Today is National Coming Out Day!
Since 1988, October 11 has marked the day to remind ourselves and the world of the importance of LGBTQ visibility. It’s only when we aren’t seen that we can easily be ignored.
We mark this day as a community, en masse, so we can show the strength in our numbers in hopes that it will bring courage to those who are scratching at the closet door, waiting to come out. We mark this day to remember a time when it would have been impossible for us to be out, and celebrate the strength and conviction of the pioneers who blazed our trail.
For those of us that have long since crossed that closet threshold, we too easily forget what it’s like to be afraid of our own truth. We concern ourselves, often with good reason, with what other people might think of us, how our working lives might be affected, but most often by how our families might react to the news. We cower in fear of the fallout; what will our parents/friends/clergy/scoutmaster, etc. think. It’s hard to fathom that, ultimately, what they think is irrelevant. They are only fellow humans who have been taught either to love or to hate – and whatever that may mean for their own lives, one cannot let that alter, influence or affect our own – and it most certainly cannot prevent us from being who we really are.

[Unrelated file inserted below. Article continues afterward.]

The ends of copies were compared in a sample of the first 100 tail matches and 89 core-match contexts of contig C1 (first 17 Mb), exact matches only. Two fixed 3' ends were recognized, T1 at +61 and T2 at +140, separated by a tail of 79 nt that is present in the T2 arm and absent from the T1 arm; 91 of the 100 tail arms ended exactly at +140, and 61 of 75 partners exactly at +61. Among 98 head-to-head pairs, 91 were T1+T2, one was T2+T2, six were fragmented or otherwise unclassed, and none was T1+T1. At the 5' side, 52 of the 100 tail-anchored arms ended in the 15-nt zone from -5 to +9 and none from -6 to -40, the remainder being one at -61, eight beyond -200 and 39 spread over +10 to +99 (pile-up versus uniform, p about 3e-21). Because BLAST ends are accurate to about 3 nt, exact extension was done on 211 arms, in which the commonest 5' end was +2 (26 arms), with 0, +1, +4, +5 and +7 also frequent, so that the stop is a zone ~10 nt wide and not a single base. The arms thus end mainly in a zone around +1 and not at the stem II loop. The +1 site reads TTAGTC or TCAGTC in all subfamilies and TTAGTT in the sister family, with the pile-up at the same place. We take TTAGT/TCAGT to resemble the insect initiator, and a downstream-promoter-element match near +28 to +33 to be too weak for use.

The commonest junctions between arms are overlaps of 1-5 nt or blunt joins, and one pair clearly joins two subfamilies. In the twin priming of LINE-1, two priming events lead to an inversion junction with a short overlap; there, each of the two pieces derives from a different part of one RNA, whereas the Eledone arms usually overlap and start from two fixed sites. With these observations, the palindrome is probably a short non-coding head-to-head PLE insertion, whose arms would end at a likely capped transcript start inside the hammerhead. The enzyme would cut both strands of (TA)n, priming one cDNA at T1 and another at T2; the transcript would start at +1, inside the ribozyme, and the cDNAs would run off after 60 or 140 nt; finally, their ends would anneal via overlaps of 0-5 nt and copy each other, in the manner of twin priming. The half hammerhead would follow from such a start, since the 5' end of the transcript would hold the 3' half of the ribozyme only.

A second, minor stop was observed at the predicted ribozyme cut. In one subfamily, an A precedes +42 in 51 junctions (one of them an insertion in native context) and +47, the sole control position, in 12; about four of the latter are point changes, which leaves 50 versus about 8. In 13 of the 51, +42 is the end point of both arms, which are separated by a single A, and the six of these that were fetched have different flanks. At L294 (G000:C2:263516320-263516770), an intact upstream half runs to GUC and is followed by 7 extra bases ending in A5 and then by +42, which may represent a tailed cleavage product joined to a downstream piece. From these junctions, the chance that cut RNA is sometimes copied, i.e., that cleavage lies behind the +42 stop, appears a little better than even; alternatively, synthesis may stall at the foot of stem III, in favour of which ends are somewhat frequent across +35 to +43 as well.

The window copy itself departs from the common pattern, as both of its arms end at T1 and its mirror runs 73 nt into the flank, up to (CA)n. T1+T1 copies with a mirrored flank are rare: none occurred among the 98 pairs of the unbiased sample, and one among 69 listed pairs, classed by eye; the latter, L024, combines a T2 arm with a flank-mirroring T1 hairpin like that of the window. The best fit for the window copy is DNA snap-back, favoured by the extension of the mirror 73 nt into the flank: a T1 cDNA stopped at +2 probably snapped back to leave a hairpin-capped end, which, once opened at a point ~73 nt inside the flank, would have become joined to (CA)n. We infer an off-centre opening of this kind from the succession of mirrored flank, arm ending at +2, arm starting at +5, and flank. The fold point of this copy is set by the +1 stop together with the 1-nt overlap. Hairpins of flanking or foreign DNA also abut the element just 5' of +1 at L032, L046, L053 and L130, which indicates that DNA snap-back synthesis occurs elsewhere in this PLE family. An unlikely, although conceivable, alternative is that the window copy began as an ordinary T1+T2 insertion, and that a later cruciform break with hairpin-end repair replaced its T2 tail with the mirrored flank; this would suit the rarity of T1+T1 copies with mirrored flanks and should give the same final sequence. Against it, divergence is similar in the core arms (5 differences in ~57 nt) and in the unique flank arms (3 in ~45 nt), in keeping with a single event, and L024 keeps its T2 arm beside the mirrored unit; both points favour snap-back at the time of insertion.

It’s an odd thing, frankly. We’re the only minority group against whom it is not only acceptable, but frequently LEGAL, to discriminate. We’re immensely lucky here in Seattle, and we tend to forget about the relative comfort of our politically dark blue enclave here. To the point that when someone in our own fair state makes an anti-marriage equality comment, or says something blatantly homophobic, we stare at them almost as though they’re lost – as though a poor tourist from southern Kansas wandered in, clearly unaware of the comfortable blue world we’d created for ourselves and began to spout right-wing platitudes. It is also for those poor wanderers that we observe National Coming Out Day – so they might see the ignorance, and arrogance of what they’ve been taught – and show them how much the lies and ridiculous rhetoric of the social conservatives are transparently false, and are ultimately damaging to youngsters struggling to live their lives honestly.
Because at a certain point in one’s life – and it’s different for everyone – you have to make peace with who you are, and remember that no matter what any religious or political talking head might say, you’re still a real, live, valid human being entitled to live your life exactly as you are, secure in the knowledge that although you may not see it in that moment, a life outside of the metaphorical closet is a far better life to live. And hopefully, those of us who have long since exited that closet will be able to show you that there’s a community of supportive, kind, and decent people out in the world who are here to help.
The closet is a dark, and lonely place to be. Come out. It isn’t always an easy exit from the closet, but there’s a world of love and happiness outside of it, and you deserve to take your fair share.
Happy Coming Out Day!
Does this mean we get cake?